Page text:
Once upon a time, when I didn’t know so much about “parent abuse” it seemed a little exciting to be at the forefront of a new phenomenon. It felt important to speak clearly and categorically, for clarity, and the avoidance of misunderstanding – which was commonplace. “Parent abuse? You mean abuse BY parents? No? You must mean older people then?” Now it seems that the more I learn, the less certain I am about anything – other than the fact that many, many more parents than we would like to think about are struggling daily with much, much more than anyone should ever have to face within their family.
What we call this has been a constant running theme throughout the last 11 years that I’ve been involved. I quickly ditched “parent abuse” for the reasons above, though some still favour it as describing a subset of family / domestic abuse. I do still refer to it on my website home page (documenting parent abuse), but generally these days I have been using “child to parent violence”. Right from the start I was aware of questions around whether the term “abuse” was more appropriate than “violence”. It seemed important to me to capture the very active sense of terror that parents experienced; and I went with the whole phrase because it included relationship, direction and action. It’s probably worth saying at this point that I have counted over the years more than 30 different phrases in use, either in the literature or by practitioners.
Last week I barged into another conversation on twitter. People were talking about how they found the phrase “child to parent violence” unhelpful. Tell me, what was I supposed to do!
First of all, why does all this matter?
It would be really helpful if we could come up with a phrase that worked for everyone. It would potentially make it easier for parents to identify their experience and ask for help, for practitioners to understand what parents were saying, avoid confusion among policy makers, enable more realistic counting, and help us all to be sure we were talking about the same thing. At the moment the media seem to be au fait with “child to parent violence” so should we bite the bullet and stay with that?
Does it matter who chooses the name?
Hmmm. Well I would like to think we let ‘someone’ other than the media define what we’re talking about! In the beginning it was mostly academics talking, and each person adopted the phraseology that most suited what they were addressing in their paper. Many articles, dissertations etc begin with an explanation of the choice of name, quite apart from a definition. The few practitioners who were also writing similarly used terms which captured the issues they saw, and the family configurations they worked with, while continuing to wrestle with the abuse / violence question. (Hence “adolescent violence and abuse”) But are we comfortable, in the 21st century, with professionals naming a situation experienced by others, and imposing that name, if the individuals concerned would prefer something else?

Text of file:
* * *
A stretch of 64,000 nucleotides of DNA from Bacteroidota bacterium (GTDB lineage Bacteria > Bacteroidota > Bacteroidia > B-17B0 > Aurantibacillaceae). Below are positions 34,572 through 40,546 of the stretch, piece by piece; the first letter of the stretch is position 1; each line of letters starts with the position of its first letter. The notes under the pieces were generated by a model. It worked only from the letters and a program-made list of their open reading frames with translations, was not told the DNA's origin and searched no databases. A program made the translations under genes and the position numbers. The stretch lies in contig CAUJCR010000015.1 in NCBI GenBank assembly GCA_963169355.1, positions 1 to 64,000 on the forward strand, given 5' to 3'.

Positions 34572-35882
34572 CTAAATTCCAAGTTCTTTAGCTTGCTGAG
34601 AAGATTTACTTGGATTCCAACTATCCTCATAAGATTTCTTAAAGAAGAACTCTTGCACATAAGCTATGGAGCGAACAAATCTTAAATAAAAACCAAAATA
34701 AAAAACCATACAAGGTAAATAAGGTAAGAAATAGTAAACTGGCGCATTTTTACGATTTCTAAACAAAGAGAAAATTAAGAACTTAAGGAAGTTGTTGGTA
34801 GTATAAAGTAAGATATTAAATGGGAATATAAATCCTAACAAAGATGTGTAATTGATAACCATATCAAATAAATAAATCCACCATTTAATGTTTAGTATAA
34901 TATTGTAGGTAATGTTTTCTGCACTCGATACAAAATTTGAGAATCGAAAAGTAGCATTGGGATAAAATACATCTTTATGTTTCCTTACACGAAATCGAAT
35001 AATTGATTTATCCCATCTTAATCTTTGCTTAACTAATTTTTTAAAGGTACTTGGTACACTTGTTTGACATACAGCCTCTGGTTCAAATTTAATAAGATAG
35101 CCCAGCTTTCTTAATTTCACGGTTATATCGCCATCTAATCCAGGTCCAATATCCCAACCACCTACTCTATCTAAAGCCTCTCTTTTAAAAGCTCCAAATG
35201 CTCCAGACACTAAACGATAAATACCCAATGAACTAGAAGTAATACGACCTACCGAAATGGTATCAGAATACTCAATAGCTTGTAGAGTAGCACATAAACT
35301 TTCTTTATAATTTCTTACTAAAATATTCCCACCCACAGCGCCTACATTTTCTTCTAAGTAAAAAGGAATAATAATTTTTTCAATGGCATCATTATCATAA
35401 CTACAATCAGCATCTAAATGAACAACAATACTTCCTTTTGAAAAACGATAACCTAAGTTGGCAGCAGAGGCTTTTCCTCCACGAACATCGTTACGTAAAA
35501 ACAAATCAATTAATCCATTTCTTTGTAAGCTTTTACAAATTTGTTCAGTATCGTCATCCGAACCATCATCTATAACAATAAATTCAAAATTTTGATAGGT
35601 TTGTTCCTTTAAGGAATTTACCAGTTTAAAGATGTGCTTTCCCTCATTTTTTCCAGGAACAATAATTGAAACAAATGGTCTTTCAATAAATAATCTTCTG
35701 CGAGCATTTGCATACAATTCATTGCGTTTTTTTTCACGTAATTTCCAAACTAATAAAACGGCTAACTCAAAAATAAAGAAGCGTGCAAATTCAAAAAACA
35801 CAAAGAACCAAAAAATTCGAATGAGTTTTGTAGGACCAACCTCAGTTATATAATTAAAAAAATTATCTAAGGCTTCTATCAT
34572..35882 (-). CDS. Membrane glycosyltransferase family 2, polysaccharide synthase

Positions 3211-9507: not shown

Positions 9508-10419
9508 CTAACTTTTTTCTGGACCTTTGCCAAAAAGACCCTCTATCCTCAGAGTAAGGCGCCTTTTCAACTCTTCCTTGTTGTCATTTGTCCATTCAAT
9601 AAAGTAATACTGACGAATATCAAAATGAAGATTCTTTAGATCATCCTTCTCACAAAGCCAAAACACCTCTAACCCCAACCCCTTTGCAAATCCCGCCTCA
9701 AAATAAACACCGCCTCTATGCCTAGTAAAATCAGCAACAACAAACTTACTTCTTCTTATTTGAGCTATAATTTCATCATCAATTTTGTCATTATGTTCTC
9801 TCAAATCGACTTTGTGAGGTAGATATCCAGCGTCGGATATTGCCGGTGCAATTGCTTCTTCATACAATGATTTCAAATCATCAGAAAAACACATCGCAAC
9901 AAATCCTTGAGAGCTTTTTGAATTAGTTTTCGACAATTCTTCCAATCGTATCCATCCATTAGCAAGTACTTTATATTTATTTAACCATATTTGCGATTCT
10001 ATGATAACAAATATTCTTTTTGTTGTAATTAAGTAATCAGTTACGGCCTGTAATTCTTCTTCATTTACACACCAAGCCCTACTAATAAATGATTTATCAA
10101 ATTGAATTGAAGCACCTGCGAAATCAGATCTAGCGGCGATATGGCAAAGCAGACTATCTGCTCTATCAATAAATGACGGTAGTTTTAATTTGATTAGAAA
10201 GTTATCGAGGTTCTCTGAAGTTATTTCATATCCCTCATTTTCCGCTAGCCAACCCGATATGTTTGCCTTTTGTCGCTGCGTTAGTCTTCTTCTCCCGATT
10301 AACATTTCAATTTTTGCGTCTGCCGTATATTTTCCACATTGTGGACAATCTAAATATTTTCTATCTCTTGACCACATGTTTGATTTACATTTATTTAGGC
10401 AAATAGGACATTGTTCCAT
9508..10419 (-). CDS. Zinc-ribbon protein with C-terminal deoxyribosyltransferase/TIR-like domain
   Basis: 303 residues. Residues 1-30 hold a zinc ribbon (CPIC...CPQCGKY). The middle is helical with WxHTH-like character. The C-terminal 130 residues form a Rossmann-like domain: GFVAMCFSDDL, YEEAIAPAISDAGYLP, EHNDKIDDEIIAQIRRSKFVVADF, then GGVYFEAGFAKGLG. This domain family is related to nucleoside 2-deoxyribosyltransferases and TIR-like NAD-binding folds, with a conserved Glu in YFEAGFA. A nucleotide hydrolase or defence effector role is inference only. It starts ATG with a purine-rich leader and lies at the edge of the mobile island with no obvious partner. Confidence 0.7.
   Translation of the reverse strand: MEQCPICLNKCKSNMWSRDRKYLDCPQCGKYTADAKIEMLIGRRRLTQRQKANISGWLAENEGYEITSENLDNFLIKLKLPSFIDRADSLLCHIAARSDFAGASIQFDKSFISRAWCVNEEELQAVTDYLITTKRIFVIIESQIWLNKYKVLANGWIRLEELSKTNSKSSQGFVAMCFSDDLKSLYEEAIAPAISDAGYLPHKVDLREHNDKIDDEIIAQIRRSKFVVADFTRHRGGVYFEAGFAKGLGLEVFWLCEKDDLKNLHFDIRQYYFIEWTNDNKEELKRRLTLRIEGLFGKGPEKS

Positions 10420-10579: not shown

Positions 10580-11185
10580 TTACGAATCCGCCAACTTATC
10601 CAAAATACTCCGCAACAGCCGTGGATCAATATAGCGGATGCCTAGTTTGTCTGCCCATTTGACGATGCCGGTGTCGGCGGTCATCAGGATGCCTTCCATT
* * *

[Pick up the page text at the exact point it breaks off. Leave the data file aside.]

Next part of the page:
Some snippets from the conversation …
My personal feeling is that children aren’t ‘abusing’ parents.
I am reluctant to give people terms which make them think badly of my child.
I wouldn’t class my child’s behaviour as violent – but other people would.
Some people, who lived through the seventies and eighties, would call this “false consciousness”, but that’s probably not terribly helpful. More useful is to think about the shame that stops families coming forward for help, the love that keeps them going day after day after day, and the loadedness of some terminology in the way it is used in different contexts. Saying that child to parent abuse can sometimes feel like intimate partner violence is one thing. Acknowledging what that means in terms of how you understand your child is quite another.
Hiding inside this conversation is, of course, the definition debate. Does intent matter? Is this one thing or many?
Do we need different names for different situations?
To some extent, we have already started down this road. Yvonne Newbold has blogged and spoken about preferring the term Violent Challenging Behaviour (VCB) for children with severe learning difficulties and mental disabilities. (But there are some who dislike the use of the word “challenging”, finding it a simplistic generalisation which excuses our own lack of understanding or curiosity as to the reason for the behaviour.)
I find this to be an unanswerable conundrum. Clearly there is a huge gulf between children and young people with severe disabilities who lash out, and those who deliberately and provocatively inflict harm to people and property. But there are so many young people in between, so many different scenarios, and overlaps of diagnoses.
If anyone would like to enter this debate they are more than welcome! If you can come up with a better turn of phrase then please let us know. In the meantime, I will leave you with some thoughts from ‘Mumdrah’ from the other evening:
For now ‘violence’ is all we have; we need better words for sure.
Whatever the label, this stuff is beyond hard to understand.
Update, August 8th 2017
As usual, the comments and replies came via twitter ….. The consensus seems to be to use the phrase “child to parent violence and abuse” as more accurately reflecting the lived experiences of families. I can’t argue with that!